Police found what they believed to be blood in the bed in the master bedroom and on the pillows. The front and back door of the house were unlocked, with no sign of forced entry. The doctor who performed her autopsy found that the cause of death was asphyxia and noted that her hands had been bound.
After learning of her complaint about the deck, Richmond police Detective James Baynes called the owner of C&C and Son Landscaping and Pressure Wash, which Clark listed as his employer of a year on several recent court documents. In the affidavit, Baynes said he asked the owner if he had left anything at Fairman’s home.
“Clark got on the phone and said that he’d left his bandanna at the house,” the court document said. Baynes later showed him a photo of the bandanna recovered from the scene of the homicide and Clark said that he believed it was the one he had left there on the day he did the original work on the deck.
Clark denied having any sexual relationship with Fairman and told Baynes he’d been at work the day she died, the affidavit says. But Clark’s boss told the detective that Clark had “never showed up” for work that day.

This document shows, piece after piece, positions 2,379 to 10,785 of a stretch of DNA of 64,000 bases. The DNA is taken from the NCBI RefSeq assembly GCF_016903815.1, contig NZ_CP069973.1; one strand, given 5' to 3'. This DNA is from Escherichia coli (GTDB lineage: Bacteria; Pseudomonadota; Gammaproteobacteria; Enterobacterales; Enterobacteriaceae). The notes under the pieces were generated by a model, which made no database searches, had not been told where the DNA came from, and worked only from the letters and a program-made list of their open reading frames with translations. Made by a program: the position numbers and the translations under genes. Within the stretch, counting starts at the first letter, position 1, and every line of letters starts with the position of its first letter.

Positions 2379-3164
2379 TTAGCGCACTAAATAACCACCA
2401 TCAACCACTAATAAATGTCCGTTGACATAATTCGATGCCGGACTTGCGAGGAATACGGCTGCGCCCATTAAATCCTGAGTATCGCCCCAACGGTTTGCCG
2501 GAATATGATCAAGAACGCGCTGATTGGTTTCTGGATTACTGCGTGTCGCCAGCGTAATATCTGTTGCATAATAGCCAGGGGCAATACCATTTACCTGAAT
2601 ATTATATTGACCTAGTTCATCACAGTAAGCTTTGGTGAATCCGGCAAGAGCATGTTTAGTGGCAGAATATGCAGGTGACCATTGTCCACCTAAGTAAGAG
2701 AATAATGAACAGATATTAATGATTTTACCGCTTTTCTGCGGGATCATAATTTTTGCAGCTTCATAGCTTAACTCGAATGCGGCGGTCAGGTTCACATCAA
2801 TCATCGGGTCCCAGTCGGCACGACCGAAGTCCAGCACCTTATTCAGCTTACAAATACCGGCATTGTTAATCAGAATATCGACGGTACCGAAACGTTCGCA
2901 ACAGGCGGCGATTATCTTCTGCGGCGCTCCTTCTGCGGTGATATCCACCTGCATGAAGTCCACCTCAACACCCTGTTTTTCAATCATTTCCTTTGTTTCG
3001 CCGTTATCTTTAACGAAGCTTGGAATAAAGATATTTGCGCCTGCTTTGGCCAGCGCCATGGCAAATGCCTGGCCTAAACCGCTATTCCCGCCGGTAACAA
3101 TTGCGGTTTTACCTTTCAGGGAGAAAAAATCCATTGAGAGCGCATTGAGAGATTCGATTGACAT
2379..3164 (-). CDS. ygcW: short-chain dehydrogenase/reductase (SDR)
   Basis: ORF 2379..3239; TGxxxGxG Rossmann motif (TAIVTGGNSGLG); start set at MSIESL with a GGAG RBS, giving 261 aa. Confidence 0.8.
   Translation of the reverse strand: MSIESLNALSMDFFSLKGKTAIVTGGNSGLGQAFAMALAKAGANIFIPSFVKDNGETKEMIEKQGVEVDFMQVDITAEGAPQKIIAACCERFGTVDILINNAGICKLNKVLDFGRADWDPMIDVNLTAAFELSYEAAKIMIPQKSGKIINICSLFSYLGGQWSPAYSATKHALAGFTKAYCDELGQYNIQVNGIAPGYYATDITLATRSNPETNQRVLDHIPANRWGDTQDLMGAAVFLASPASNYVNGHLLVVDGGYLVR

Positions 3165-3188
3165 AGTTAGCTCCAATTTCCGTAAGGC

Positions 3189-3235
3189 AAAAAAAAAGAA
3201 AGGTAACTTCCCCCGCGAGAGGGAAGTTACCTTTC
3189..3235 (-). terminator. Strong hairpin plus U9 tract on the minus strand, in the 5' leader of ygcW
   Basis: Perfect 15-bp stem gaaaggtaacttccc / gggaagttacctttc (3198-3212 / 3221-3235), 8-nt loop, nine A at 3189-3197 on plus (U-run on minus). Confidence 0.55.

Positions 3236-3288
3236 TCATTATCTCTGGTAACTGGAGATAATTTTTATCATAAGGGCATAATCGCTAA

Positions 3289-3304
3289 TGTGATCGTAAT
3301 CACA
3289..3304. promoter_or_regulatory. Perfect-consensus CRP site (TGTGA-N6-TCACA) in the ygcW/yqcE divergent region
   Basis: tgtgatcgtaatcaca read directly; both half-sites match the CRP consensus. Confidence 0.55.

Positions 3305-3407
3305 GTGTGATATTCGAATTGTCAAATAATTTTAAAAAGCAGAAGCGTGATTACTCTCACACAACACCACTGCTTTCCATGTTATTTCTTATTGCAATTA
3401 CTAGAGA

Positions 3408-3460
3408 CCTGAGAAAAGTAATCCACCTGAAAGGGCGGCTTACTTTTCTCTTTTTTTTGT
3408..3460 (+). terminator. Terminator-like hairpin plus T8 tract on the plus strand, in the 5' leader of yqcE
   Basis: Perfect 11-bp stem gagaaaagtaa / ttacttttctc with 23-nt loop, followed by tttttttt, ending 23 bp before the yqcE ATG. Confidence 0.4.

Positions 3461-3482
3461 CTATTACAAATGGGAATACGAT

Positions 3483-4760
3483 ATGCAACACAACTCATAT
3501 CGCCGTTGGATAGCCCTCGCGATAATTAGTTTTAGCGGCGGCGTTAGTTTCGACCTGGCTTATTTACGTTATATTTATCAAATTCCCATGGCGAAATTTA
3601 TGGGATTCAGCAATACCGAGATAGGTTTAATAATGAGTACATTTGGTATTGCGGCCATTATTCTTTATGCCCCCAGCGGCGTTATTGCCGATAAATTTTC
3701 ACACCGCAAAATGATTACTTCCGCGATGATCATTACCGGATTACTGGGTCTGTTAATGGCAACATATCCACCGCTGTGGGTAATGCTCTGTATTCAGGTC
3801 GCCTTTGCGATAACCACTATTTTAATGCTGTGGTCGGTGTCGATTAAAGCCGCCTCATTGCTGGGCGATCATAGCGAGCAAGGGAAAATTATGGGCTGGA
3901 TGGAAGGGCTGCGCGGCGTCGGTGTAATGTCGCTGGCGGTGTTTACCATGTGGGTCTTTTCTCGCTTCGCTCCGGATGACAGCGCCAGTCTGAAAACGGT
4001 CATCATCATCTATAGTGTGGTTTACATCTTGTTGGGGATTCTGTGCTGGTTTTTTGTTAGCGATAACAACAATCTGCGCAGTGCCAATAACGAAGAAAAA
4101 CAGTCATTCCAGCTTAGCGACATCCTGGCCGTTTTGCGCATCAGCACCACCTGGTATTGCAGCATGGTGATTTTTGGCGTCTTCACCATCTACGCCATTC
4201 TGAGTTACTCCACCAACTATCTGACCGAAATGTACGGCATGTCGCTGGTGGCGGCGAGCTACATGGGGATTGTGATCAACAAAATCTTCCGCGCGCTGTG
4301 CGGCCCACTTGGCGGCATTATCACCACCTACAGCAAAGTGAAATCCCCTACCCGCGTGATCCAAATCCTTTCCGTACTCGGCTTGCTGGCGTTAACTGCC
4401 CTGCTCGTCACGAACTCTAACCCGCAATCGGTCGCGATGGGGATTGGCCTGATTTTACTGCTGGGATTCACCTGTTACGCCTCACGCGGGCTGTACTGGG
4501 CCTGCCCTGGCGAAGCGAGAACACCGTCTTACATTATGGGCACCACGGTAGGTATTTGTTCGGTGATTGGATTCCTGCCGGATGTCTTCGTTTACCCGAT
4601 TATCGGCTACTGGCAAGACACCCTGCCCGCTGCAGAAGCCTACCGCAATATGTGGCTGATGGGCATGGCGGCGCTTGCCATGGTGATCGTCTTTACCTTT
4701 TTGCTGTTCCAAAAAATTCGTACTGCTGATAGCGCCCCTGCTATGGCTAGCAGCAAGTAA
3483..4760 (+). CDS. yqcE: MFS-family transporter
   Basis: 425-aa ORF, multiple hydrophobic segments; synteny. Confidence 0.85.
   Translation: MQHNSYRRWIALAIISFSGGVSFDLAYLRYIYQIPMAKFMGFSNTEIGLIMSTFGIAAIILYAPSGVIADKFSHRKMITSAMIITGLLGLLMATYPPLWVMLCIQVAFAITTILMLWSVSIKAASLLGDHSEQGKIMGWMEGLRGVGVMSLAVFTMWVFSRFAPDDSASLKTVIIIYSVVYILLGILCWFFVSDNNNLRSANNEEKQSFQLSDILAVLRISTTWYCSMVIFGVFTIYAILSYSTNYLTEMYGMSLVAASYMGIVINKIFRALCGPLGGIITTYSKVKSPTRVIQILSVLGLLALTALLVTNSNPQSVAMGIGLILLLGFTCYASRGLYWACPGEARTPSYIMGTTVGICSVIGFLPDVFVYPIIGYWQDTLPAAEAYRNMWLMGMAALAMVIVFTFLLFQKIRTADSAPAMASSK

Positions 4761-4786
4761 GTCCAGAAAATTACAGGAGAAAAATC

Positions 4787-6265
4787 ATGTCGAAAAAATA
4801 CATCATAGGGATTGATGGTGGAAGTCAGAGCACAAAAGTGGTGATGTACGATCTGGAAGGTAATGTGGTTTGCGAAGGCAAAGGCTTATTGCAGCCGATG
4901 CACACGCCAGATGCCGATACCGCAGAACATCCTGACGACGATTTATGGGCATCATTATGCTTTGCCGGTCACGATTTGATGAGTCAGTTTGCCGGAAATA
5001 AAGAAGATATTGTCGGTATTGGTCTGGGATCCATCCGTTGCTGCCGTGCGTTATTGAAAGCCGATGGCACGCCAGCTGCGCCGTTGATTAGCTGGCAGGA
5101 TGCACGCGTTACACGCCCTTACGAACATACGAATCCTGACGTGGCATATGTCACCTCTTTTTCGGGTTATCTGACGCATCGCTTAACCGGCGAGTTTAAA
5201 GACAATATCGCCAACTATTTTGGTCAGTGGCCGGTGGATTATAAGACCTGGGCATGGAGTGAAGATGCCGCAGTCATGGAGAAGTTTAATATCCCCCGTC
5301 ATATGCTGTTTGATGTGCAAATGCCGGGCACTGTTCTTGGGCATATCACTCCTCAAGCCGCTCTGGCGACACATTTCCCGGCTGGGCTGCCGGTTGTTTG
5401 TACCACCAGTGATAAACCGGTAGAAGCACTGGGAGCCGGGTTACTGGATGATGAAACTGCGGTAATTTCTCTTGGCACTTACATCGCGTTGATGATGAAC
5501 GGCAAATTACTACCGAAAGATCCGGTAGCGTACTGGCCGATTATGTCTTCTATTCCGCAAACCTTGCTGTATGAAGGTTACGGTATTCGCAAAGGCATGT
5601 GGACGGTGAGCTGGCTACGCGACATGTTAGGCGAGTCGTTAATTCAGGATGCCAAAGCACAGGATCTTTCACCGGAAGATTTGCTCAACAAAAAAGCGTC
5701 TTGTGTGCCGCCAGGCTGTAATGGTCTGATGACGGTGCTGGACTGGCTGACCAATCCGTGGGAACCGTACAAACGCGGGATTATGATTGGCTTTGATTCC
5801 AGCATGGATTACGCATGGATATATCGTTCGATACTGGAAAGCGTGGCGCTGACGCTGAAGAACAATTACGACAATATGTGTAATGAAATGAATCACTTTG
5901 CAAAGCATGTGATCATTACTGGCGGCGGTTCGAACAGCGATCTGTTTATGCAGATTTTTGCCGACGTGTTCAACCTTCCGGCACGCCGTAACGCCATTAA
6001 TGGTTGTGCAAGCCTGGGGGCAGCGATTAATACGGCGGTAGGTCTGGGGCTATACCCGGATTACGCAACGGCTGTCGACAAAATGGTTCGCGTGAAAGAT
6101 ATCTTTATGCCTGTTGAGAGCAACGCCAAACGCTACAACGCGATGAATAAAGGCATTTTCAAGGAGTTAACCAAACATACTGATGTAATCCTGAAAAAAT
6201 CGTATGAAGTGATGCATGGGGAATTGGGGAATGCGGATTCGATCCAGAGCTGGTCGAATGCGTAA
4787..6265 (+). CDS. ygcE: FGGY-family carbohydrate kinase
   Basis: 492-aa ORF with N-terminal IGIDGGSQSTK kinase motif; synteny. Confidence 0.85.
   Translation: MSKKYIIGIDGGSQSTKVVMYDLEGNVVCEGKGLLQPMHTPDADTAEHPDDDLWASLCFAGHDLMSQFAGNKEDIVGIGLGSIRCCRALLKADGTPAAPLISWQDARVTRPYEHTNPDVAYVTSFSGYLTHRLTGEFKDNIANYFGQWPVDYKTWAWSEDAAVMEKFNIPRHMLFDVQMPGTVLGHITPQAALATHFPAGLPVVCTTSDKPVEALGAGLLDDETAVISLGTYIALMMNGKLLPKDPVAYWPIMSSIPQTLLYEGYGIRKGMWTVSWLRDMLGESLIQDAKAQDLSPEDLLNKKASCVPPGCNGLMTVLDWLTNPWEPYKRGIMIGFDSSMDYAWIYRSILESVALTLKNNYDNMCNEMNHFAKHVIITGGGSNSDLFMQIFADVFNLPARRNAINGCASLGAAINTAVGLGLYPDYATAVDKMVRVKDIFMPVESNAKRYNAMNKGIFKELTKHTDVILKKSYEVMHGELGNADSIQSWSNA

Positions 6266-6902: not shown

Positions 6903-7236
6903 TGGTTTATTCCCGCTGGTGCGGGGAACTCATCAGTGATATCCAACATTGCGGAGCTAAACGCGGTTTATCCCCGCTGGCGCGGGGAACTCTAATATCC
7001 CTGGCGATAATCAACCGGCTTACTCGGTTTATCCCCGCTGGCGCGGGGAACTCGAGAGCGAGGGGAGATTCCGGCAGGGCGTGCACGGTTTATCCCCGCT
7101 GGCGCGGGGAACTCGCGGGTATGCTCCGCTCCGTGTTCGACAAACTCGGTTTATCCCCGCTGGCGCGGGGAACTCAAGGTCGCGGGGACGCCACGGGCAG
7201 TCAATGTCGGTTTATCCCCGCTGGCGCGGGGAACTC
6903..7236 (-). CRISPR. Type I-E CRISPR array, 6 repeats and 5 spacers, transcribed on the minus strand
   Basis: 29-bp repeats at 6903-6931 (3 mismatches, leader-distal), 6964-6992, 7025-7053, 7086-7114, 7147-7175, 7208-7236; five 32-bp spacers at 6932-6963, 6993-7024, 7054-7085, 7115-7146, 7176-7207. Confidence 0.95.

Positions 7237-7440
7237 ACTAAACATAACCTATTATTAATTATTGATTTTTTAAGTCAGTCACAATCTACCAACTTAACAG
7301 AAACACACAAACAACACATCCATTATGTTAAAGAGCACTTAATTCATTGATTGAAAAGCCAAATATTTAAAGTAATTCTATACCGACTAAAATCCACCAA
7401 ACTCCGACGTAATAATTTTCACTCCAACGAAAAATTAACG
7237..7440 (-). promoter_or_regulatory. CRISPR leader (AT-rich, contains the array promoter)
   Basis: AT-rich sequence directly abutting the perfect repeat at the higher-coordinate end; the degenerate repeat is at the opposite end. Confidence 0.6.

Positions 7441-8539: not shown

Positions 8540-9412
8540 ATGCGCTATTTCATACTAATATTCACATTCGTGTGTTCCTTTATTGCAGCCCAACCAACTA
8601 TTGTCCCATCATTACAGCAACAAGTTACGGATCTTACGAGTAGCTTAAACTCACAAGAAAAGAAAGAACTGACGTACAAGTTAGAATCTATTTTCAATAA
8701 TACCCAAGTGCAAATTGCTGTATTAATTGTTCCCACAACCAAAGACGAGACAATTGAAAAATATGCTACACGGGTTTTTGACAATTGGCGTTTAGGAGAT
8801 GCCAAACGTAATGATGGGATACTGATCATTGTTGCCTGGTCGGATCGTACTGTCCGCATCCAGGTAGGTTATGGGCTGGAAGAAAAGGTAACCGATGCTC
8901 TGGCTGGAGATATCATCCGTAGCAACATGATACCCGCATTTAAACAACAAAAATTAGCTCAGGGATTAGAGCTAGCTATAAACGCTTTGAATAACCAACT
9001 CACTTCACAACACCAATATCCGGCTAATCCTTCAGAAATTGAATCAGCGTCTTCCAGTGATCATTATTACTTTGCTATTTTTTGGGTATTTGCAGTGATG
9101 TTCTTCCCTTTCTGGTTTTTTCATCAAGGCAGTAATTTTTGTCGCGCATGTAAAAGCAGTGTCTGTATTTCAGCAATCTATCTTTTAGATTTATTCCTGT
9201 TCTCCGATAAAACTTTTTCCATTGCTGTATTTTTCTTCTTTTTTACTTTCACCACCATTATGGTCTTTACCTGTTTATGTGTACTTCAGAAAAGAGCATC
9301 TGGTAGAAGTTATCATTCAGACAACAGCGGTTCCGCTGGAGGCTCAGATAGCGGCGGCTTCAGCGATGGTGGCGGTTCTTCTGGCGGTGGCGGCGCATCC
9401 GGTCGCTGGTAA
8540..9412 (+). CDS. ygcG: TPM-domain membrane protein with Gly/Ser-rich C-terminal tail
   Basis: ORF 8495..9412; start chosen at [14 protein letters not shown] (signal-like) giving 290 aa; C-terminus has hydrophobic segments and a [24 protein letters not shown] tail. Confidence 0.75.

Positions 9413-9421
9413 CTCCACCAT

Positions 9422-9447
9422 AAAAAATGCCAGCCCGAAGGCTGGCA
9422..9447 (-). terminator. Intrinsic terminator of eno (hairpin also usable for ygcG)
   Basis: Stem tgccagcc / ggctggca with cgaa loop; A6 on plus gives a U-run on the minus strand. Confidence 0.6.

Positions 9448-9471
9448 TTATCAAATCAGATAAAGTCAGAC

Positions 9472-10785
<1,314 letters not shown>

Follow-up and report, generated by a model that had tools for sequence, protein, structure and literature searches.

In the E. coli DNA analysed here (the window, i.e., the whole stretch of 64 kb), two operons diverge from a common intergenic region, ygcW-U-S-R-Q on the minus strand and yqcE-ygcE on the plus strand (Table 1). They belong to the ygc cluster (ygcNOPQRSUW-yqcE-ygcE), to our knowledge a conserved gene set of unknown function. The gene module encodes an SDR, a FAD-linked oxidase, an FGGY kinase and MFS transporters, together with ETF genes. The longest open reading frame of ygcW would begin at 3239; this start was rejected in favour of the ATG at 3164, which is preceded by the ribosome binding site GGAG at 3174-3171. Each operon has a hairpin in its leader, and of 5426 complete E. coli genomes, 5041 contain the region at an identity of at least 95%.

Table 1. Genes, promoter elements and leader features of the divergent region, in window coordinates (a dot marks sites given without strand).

When reached by a reporter on Tuesday, Corey Harris, who is listed as the licensee of C&C and Son on the company’s Facebook page, said: “He didn’t do it. I can’t confirm nothing. Don’t call my phone.” Then he hung up.
While Clark was being interviewed by police about Fairman’s death, he made comments that gave Baynes pause, the affidavit said.
“Clark mentioned that the victim was in good shape and went to the gym,” the document says. The suspect also said the victim was “beaten up and thrown in the tub,” but the affidavit adds that a media release had said the victim had been found in the bathtub, but made no mention of her being beaten. When he was confronted with this fact, Clark said that he “must have heard that from somewhere but couldn’t say where he’d heard it.”
Also in the affidavit, Baynes mentioned Clark’s 1988 rape conviction and that he’s a registered sex offender.
And, in describing a Richmond case from 2005, the affidavit said Clark “got into a woman’s house by ruse and assaulted her, then held her down by her wrists and tried to extort money from her.”
Clark pleaded guilty to attempted robbery in the Richmond case. Photographs in the court file showed the victim with a blackened right eye and abrasions under her chin and behind her ear. He was sentenced to 10 years in prison.
In October 2018, Clark and two others were picked up on several misdemeanors in Henrico including distribution of drug paraphernalia, destruction of property, tampering with a vehicle, and two counts of petty larceny.
He was initially denied bond, but as the case was continued several times, a judge let Clark out on a $2,500 personal recognizance bond on Jan. 10.